The site of the house and the garden are fenced from the road by a low wall, surmounted by an ornate iron railing, in the decoration of which the initials "W.S." and the poet's and town arms are included. The railings are somewhat uglified by being picked out with gilding. A little way down Chapel Lane, at the foot of which is the Memorial, is the entrance to the pleasant and well-kept garden attached to New Place. Here a mulberry stump is described as scion of that tree long associated with Shakespeare. Here are to be seen a pillar from the ancient Town Hall, a sculpture from before the old Shakespeare Gallery in Pall Mall, and a large stone on which are engraved verses in honour of the poet by Richard Jago. The mulberry tree planted by the poet attracted so much attention on the part of visitors when interest in Shakespeare awakened in the eighteenth century, that the un-Reverend Mr. Gastrell, who then owned New Place, "damned himself to everlasting fame" by cutting it down; and he carried his despicable vandalism further still when, a few years later, in consequence of a quarrel with the Corporation in the matter of rates, he had New Place demolished, after which he fittingly retired altogether from the town of Stratford. The mulberry tree was acquired by a local tradesman, who made of it many mementoes for Shakespeare lovers—indeed, he is accused of having made far more souvenirs than the genuine timber could have supplied. Drinking at the great Festival from a cup made of the famous tree, Garrick sang his own words:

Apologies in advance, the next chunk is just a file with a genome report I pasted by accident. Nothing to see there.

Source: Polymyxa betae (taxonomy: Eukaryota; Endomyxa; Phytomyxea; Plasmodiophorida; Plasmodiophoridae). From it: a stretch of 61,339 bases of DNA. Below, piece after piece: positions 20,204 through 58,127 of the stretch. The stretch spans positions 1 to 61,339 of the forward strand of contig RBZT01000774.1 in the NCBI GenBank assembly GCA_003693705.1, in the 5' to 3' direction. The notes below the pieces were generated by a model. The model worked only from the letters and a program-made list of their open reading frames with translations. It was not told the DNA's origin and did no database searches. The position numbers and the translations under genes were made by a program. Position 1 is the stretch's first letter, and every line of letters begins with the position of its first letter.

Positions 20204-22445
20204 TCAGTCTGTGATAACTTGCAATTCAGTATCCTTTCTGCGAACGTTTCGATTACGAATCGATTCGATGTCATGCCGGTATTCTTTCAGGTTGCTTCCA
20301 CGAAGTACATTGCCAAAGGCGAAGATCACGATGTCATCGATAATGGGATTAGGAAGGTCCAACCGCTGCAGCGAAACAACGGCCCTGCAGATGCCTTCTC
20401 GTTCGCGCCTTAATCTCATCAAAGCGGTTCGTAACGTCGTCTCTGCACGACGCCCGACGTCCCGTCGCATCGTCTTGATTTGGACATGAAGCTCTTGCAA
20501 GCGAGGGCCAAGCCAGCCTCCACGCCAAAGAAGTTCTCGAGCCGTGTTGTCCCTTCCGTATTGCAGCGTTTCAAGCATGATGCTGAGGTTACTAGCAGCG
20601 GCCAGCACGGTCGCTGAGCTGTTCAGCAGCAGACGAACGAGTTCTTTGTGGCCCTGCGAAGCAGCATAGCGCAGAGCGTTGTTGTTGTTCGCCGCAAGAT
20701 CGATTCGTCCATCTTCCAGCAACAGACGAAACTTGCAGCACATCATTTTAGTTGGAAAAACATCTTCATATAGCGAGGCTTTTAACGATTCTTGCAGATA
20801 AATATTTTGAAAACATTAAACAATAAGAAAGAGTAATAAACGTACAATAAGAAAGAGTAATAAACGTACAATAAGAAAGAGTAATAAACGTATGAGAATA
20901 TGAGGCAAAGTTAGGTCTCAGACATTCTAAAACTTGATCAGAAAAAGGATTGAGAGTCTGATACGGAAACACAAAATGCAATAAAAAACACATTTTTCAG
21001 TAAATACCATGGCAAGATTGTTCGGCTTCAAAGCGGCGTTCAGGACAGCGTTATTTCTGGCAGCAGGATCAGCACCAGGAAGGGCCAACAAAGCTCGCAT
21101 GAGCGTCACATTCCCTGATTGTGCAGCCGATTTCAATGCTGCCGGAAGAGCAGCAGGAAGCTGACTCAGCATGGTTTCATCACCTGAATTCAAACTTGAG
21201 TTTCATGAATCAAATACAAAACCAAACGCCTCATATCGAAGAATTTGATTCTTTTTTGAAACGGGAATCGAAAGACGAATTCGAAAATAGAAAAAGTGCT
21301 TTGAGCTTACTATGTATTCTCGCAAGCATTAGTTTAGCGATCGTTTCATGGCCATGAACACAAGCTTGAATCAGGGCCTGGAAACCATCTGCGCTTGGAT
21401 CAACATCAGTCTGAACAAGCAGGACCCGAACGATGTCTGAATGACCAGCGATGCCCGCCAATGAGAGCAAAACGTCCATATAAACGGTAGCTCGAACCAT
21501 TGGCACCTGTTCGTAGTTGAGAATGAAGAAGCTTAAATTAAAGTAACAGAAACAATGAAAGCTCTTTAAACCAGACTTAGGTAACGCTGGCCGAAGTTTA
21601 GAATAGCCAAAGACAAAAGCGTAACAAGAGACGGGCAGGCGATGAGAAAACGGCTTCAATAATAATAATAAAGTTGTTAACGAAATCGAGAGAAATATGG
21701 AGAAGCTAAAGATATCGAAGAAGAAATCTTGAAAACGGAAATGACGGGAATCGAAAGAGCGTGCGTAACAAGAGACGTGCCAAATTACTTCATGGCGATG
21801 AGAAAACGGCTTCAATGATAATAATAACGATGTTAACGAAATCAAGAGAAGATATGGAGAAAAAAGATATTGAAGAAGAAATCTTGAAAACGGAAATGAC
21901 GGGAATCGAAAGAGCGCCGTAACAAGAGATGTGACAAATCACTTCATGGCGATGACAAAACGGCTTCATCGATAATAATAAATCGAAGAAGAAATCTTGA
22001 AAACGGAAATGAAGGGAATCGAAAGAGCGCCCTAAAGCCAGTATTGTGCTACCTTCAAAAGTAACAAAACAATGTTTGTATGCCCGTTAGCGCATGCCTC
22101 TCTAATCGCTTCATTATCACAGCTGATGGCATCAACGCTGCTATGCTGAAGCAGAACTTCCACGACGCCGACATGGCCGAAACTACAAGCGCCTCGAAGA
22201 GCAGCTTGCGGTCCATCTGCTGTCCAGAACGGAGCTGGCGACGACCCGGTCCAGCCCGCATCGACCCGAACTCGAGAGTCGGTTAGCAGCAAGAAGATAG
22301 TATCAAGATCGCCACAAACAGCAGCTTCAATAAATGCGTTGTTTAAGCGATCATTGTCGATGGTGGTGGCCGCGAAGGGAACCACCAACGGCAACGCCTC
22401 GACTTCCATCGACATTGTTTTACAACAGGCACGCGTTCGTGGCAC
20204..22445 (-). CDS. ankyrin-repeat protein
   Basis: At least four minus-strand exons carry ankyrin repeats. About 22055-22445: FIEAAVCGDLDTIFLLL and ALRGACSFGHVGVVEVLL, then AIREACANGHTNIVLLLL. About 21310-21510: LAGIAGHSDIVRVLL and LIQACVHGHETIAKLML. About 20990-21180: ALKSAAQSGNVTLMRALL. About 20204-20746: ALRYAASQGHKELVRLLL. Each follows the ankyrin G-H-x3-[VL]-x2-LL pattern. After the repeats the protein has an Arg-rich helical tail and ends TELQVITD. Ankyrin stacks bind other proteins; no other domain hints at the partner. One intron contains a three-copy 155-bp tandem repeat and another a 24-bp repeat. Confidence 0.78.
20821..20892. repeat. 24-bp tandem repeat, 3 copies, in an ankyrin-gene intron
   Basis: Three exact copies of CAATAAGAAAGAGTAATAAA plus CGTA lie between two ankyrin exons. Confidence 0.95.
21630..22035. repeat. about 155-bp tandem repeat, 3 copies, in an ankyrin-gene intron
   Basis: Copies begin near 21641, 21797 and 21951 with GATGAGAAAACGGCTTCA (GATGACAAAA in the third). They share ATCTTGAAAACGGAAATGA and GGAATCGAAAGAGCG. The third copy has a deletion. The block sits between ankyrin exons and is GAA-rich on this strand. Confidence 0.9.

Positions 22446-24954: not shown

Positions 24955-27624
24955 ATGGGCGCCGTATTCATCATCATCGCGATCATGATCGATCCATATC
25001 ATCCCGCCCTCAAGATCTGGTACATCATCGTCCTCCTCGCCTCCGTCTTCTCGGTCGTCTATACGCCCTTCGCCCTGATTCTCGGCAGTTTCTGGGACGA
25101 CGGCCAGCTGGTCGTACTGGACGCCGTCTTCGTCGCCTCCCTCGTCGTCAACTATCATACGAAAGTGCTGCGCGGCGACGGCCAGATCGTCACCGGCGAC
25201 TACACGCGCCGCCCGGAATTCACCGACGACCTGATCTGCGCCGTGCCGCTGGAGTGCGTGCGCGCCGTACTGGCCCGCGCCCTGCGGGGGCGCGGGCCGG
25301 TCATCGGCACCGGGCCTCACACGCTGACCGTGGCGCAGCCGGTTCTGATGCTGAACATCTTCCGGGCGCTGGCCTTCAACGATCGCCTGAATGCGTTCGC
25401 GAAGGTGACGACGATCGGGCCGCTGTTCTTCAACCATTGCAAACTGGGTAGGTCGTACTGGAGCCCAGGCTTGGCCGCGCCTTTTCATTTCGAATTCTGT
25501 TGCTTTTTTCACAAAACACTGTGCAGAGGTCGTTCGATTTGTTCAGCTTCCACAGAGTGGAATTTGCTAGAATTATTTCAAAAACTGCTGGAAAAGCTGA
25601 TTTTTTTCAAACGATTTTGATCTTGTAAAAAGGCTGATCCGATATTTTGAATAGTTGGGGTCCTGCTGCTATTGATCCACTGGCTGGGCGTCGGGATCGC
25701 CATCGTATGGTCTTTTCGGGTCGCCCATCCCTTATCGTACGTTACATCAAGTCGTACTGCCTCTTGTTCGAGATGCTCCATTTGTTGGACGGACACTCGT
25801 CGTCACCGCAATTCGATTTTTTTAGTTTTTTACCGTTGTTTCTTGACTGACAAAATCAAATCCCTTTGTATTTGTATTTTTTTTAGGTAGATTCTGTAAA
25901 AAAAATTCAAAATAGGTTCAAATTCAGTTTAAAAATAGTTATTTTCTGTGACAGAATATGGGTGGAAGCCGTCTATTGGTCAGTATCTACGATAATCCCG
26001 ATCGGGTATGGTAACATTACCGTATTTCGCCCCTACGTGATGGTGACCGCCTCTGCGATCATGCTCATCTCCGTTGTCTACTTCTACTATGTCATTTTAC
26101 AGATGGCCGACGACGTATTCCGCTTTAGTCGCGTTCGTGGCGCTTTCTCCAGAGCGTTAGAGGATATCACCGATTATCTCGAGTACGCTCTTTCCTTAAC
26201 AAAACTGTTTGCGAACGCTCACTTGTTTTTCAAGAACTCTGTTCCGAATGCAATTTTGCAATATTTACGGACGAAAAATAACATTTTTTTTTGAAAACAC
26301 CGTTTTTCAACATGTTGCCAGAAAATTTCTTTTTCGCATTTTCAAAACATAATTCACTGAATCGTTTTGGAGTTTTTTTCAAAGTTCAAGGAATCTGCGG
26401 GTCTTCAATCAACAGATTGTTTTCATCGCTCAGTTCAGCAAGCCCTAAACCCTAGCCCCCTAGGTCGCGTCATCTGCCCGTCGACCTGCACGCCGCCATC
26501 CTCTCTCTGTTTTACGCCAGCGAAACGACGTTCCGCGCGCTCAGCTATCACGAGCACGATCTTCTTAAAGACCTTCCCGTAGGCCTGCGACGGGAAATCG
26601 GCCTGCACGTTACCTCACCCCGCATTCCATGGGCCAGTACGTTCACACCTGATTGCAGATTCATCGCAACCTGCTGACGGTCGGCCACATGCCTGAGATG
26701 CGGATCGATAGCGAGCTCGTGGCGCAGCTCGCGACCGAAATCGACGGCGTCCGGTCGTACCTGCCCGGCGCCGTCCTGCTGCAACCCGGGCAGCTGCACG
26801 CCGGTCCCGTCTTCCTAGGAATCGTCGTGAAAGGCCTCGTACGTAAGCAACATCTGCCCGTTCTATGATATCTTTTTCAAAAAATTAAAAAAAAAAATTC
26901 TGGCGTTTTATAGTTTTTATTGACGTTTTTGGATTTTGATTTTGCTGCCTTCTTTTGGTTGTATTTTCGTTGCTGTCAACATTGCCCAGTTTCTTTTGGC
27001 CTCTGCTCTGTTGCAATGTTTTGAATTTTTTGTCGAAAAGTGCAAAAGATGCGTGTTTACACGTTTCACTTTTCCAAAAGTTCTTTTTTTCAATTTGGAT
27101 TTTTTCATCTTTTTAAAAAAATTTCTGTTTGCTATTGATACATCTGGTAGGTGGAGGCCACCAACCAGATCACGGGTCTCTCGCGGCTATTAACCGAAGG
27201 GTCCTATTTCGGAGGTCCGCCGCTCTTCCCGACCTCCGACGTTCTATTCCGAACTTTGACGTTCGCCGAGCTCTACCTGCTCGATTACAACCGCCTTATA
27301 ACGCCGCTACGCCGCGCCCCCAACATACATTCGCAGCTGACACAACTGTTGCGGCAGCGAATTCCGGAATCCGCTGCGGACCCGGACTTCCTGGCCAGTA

Behold this fair goblet, 'twas carved from the tree
Which, O my sweet Shakespeare, was planted by thee;